Hindu Minority and Guardianship Act, 1956


 

  • 1. Short title and extent.-
  • 2. Act to be supplemental to Act 8 of 1890.-
  • 3. Application of Act. -
  • 4. Definitions.-
  • 5. Over-riding effect of Act.-
  • 6.Natural guardians of a Hindu minor.-
  • 7. Natural guardianship of adopted son.-
  • 8. Powers of natural guardian.-
  • 9. Testamentary guardians and their powers.-
  • 10. Incapacity of minor to act as guardian of property.-
  • 11. De facto guardian not to deal with minors property.-
  • 12. Guardian not to be appointed for minors undivided interest in joint family property.-
  • 13. Welfare of minor to be paramount consideration.-

1. Short title and extent.-

ACT NO. 32 OF 1956 [25th August, 1956.]

An Act to amend and codify certain parts of the law relating to minority and guardianship among Hindus. BE it enacted by Parliament in the Seventh Year of the Republic of India as follows:–

(1) This Act may be called the Hindu Minority and Guardianship Act, 1956.

(2) It extends to the whole of India except the State of Jammu Kashmir and applies to Hindus domiciled in the territories to which this Act extends who are outside the said territories.

2. Act to be supplemental to Act 8 of 1890.-

The provisions of this Act shall be in addition to, and not, save as hereinafter expressly provided, in derogation of, the Guardians and Wards Act, 1890 (8 of 1890).

3. Application of Act. -

(1) This Act applies -

(a) to any person who is a Hindu by religion in any of its forms or developments, including a Virashaiva, a Lingayat or a follower of the Brahmo, Prarthana or Arya Samaj.

(b) to any person who is a Buddhist, Jaina or Sikh by religion and

Explanation.—The following persons are Hindus, Buddhists, Jainas or Sikhs by religion, as the case may be:—

(i) any child, legitimate or illegitimate, both of whose parents are Hindus, Buddhists, Jainas or Sikhs by religion;

(ii) any child, legitimate or illegitimate, one of whose parents is a Hindu, Buddhists, Jaina or Sikh by religion and who is brought up as a member of the tribe, community, group or family to which such parent belongs or belonged; and

(iii) any person who is convert or re-convert to the Hindu, Buddhist, Jaina or Sikh religion.

(2) Notwithstanding anything contained in sub-section (1), nothing contained in this Act shall apply to the members of any scheduled Tribe within the meaning of clause (25) of article 366 of the Constitution unless the Central Government, by notification in the Official Gazette, otherwise directs.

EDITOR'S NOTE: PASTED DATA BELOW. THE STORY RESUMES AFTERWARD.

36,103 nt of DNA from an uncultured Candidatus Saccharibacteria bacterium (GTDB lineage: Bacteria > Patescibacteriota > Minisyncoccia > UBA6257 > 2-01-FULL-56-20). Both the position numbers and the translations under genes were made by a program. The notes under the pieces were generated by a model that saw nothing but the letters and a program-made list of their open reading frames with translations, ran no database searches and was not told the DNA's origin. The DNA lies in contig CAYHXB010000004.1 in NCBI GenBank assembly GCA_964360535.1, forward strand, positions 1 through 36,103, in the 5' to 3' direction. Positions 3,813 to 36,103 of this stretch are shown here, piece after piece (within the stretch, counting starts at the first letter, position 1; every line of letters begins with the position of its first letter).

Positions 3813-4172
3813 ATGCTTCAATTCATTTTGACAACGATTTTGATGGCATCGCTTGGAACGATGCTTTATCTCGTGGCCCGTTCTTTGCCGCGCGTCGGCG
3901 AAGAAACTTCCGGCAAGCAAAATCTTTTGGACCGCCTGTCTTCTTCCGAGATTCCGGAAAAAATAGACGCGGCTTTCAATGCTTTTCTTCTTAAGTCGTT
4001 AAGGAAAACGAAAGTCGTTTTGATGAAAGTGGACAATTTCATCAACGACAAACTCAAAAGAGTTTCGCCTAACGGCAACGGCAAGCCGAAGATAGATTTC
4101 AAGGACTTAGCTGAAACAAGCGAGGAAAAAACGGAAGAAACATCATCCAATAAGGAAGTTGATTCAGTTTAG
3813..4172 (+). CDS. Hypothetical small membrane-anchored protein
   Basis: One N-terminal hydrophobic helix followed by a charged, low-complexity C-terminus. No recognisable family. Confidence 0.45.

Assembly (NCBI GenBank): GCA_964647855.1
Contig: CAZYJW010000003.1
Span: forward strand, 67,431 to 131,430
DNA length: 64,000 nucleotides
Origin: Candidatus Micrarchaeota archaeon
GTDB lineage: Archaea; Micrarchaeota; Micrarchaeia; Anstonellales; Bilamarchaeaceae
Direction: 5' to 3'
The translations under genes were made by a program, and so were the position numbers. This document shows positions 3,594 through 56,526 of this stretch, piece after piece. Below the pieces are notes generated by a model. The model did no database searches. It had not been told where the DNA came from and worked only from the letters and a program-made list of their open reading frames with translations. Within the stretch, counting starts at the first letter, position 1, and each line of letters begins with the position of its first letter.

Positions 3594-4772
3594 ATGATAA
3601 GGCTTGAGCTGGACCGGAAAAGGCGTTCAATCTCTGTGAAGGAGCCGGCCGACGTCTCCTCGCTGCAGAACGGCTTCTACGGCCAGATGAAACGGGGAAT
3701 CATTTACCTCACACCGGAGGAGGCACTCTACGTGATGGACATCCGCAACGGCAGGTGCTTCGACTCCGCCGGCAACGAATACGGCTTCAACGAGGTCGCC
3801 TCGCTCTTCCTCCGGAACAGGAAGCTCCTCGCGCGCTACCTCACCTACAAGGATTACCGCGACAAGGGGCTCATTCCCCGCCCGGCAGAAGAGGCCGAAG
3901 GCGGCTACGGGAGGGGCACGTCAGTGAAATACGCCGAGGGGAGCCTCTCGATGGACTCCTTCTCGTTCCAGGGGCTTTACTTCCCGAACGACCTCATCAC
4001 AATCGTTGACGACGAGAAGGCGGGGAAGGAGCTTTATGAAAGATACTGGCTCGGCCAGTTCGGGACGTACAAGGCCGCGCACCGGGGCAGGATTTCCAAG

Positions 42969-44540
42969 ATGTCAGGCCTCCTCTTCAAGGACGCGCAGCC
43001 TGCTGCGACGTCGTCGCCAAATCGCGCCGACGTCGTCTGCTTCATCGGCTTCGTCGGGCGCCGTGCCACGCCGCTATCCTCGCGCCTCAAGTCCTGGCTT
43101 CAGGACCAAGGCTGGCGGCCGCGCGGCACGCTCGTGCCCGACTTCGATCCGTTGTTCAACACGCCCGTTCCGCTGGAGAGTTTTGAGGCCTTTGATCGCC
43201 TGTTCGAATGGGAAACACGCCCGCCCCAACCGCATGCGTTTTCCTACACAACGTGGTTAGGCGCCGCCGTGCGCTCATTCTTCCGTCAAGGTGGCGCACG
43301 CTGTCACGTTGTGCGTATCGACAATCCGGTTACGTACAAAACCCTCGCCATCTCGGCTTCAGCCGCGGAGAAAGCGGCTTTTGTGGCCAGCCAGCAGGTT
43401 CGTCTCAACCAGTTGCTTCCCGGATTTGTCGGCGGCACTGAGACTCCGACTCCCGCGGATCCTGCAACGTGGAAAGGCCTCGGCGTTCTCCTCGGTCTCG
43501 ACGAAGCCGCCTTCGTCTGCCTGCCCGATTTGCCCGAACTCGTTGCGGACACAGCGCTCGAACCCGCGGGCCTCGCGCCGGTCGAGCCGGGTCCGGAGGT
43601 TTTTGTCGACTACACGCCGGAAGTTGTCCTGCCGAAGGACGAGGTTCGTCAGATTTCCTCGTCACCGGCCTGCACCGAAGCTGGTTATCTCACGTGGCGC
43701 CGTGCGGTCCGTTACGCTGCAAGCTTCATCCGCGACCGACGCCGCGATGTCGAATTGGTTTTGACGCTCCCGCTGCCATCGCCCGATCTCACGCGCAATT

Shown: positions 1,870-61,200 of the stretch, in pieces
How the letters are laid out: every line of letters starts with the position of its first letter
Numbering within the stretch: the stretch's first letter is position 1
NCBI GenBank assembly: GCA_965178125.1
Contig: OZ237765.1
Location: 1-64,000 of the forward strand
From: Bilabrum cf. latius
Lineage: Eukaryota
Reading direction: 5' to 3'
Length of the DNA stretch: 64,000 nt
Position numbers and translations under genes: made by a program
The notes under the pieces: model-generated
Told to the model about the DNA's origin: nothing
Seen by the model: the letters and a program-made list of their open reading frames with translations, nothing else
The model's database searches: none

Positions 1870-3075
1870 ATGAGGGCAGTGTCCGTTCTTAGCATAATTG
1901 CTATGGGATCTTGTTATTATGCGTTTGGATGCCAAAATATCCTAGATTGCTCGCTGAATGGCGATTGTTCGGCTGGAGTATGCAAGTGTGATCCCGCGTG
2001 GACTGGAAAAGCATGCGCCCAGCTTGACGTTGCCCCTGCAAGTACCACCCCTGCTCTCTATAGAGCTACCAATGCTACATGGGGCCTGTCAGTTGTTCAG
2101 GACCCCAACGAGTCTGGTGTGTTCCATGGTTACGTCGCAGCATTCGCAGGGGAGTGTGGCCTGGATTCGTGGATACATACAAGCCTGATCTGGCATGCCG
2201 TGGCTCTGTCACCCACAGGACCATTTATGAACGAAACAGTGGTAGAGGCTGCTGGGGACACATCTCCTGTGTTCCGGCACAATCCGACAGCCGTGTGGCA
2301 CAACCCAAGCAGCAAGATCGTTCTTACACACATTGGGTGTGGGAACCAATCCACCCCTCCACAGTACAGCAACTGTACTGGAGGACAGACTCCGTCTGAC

(3) The expression ‘Hindu’ in any portion of this Act shall be construed as if it included a person who, though not a Hindu by religion, is nevertheless, a person to whom this Act, applies by virtue of the provisions contained in this section.

STATEMENT AMENDMENT

Pondicherry:In section 3, after sub-section (2), insert the following:—

“(2A) Notwithstanding anything contained in sub-section (1), nothing contained in this Act shall apply to the Renoncants of the Union Territory of Pondicherry.”

[Vide Act 26 of 1968, sec. 3 and Sch; Pt. I (w.e.f. 5-9-1968).]

4. Definitions.-

In this Act, -

(a) “minor” means a person who has not completed the age of eighteen years;

(b) “major” means a person having the care of the person of a minor or of his property or of both his person and property, and includes -

(i) a natural guardian,

(ii) a guardian appointed by the will of the minor’s father or mother,

(iii) a guardian appointed or declared by a court, and

(iv) a person empowered to act as such by or under any enactment relating to any court of wards;

(c) “natural guardian” means any of the guardians mentioned in section 6.

 

5. Over-riding effect of Act.-

Save as otherwise expressly provided in this Act, -

(a) any text, rule or interpretation of Hindu law or any custom or usage as part of that law in force immediately before the commencement of this Act shall cease to have effect with respect to any matter for which provision is made in this Act;

(b) any other law in force immediately before the commencement of this Act shall cease to have effect in so far as it is inconsistent with any of the provisions contained in this Act.

6.Natural guardians of a Hindu minor.-

The natural guardians of a Hindu, minor, in respect of the minor’s person as well as in respect of the minor’s property (excluding his or her undivided interest in joint family property), are -